Format-wise, I’ve also broken the play down into so-called “French Scenes,” where a new “scene” begins upon the entrance or exit of any single character.  It’s the most useful thing for me to begin to grasp the architecture of the play in terms of characters.  What I’ve done is relabel each scene while retaining the scene divisions most editors have adopted.  So the first French Scene is labelled “I.i.1” – the first capital roman numeral is the act, the lower case roman numeral is the scene within that act, and the final Arabic numeral is the french scene assignment within that scene.  Having made these divisions, you can quickly make up a chart, like this:

This is the first act of Othello. Where a character’s entry is “lit up,” that means they’re in a scene.  There’s already a lot of interesting questions to think about, just in this chart. You’ll see I’ve put “?” in Cassio’s box for I.iii.4-6 – it’s not clear that he NEEDS to be in these interview scenes, or whether Shakespeare intended for him to be so.  You’ll see he’s included in that troop of folks that meet up in I.ii.5, as he’s the messenger from the Duke to bring Othello to the council chamber.  Does he come along to the council chamber? Something we’ll have to decide.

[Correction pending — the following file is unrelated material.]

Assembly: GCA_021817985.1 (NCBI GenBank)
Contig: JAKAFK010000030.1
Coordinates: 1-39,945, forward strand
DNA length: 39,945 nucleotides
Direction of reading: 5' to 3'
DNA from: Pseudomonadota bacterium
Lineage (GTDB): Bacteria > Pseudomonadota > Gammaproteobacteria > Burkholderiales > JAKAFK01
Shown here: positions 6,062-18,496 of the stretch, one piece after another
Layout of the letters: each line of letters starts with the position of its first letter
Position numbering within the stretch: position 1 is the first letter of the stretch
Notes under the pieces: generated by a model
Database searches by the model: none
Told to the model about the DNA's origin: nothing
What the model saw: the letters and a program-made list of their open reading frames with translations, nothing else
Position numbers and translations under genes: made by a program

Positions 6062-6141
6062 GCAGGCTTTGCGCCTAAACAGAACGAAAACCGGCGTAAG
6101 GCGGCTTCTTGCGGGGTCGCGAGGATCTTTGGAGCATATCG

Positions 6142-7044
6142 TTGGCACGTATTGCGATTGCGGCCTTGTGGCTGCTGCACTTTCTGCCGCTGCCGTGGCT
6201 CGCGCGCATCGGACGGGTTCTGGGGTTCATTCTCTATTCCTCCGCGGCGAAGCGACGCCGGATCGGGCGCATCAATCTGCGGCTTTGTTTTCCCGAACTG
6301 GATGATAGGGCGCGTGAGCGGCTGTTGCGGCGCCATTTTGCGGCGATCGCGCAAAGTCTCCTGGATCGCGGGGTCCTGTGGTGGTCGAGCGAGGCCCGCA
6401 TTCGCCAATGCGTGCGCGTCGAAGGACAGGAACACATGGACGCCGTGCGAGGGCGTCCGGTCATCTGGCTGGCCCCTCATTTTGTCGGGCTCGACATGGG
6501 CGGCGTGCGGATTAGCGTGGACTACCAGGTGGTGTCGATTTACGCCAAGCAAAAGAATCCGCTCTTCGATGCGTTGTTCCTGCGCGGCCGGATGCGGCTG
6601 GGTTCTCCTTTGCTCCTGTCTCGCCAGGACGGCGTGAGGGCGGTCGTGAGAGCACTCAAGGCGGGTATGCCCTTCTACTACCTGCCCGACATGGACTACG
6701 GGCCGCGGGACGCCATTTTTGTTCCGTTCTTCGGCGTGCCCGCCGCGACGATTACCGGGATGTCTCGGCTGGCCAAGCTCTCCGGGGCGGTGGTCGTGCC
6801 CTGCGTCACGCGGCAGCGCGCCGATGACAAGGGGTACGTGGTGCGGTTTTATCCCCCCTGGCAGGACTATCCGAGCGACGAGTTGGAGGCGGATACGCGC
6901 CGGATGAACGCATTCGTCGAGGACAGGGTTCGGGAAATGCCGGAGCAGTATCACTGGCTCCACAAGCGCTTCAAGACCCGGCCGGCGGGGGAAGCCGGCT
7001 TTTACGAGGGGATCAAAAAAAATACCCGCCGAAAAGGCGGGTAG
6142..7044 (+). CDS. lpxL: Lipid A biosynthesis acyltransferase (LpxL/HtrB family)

The other interesting discovery from charting the whole play like this is that Desdemona finds herself alone on stage only once in the entire play – and its for about three lines.  We may yet find other moments in our production to feature her alone onstage, but this is perhaps an interesting direction from Shakespeare – what does it mean to an audience to never see a character alone on stage?  If you never truly see Desdemona alone onstage, is it easier or harder to imagine and believe Iago’s lies about her?  What does this choice on the playwright’s part tell us about the perspective of the play?